The future is electric, but not as we know it

27 July 2017

The future is electric, but not as we know it image

We now know that no more petrol or diesel vehicles will be permitted to be sold in the UK from 2040. But is this policy change a result of air pollution in UK cities or a means to make a contribution to reducing the impact of global climate change?

Both of course, but without ensuring that all the electricity used by such vehicles is clean power, the cleaner city air benefits will be gained but not the benefits from reducing global warming.

Solar, wind and batteries – not the long-term answer

There is a lot of evidence, including from the National Grid, that achieving the elimination of fossil fuels in generation by moving to 100% solar and wind power is not feasible. Battery storage for mains power, which is the great white hope of so many campaigners, is unlikely to be a solution particularly if an all-electric vehicle policy is implemented. Equally, battery power for electric vehicles is unlikely to be a solution to pollution-free vehicles on our streets if only because in cities, most people could not connect power leads from their apartment into their vehicle nor could sufficient public charging points be installed in high density car ownership areas to meet demand.

Hydrogen – a possible solution and already proven

But batteries are not the only way of powering electric vehicles whether motor cars, buses, light rail or trucks.  Generating electricity within the vehicle while in motion is the alternative. To achieve this requires a tank holding hydrogen and a fuel cell to convert it to electricity such as is used by the Toyota Mirai and some London buses and taxis. A further advantage of hydrogen as a source of electricity is that it takes only a few minutes to refill a fuel tank, no more than petrol or diesel re-fuelling whereas re-charging a pure electric car can take hours.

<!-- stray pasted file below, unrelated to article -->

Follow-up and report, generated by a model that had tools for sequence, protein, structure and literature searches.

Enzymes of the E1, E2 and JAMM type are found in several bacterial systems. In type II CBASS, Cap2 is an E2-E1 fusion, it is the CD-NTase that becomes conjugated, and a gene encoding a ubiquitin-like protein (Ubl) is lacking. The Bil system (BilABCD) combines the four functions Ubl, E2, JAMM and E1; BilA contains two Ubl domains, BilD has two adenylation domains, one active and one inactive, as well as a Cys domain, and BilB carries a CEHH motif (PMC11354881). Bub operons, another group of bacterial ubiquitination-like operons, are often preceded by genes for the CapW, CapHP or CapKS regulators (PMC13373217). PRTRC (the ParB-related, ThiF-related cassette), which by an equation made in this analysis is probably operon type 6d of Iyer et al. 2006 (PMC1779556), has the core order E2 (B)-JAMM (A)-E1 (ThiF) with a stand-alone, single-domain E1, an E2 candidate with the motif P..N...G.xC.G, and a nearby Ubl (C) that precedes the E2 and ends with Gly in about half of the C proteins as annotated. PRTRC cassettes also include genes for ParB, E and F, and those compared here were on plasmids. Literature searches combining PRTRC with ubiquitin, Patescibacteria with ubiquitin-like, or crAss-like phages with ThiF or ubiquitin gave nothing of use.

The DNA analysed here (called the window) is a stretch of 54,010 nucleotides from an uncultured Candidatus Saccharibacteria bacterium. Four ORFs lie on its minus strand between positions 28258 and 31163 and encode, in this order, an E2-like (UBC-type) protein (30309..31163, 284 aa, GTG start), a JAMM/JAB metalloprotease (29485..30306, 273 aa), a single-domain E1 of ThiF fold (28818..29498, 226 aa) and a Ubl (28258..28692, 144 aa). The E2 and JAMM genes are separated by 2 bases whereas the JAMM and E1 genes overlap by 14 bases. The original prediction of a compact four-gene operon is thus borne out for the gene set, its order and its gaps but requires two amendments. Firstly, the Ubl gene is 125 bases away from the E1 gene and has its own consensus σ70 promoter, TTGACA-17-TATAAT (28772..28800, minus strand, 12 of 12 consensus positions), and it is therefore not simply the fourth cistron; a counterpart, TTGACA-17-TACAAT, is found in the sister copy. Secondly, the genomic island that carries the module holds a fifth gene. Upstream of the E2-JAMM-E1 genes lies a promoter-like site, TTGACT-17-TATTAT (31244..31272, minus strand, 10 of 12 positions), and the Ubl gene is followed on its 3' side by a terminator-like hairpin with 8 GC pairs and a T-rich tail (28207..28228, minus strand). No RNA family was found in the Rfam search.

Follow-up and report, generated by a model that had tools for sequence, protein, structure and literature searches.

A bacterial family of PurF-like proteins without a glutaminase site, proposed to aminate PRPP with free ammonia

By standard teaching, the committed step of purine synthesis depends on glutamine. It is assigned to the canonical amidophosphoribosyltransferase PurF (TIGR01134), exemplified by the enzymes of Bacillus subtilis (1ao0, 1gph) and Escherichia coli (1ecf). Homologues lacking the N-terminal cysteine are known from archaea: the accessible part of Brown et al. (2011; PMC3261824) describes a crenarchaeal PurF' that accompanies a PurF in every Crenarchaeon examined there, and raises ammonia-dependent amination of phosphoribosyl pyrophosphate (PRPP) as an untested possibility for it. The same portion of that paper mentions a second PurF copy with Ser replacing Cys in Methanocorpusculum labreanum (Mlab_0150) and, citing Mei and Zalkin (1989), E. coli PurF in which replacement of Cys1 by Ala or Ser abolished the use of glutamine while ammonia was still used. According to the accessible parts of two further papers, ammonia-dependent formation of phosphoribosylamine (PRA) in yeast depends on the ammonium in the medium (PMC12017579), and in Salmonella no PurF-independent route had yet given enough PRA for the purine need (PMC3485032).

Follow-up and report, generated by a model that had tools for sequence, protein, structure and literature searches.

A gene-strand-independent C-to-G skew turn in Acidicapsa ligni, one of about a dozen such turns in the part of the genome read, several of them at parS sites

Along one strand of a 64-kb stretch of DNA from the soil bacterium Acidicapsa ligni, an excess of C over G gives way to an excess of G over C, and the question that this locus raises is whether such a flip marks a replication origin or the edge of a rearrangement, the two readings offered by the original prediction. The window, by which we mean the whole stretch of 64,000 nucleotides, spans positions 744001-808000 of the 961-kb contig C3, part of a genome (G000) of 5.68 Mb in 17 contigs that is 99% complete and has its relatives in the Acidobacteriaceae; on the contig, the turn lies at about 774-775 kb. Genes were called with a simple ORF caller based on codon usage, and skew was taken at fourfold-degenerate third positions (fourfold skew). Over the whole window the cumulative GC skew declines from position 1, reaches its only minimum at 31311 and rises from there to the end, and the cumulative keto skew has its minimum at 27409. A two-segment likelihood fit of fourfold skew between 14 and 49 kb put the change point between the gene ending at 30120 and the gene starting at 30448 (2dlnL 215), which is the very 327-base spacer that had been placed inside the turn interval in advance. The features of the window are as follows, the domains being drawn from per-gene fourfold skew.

Safe nuclear power now becoming available

Hydrogen produced by electrolysis can be produced from wind power when power demand is low such as at night, from surplus solar power during the day or from the new generation (Gen IV) small modular high temperature gas cooled reactors (SMRs). This new generation of fail-safe nuclear cannot explode, uses passive safety systems, are individually less costly and so are more easily financed and can be sited much closer to where the power is needed in cities.  In addition, at night when there is less demand from households and industry for power, nuclear power can be used to produce hydrogen for grid ‘storage of  electricity’ and make it available to consumers, via fuel cells, at the many times when windmills stop turning and the sun is not shining.

 So yes – the future is electric but not necessarily directly from solar, wind and batteries.

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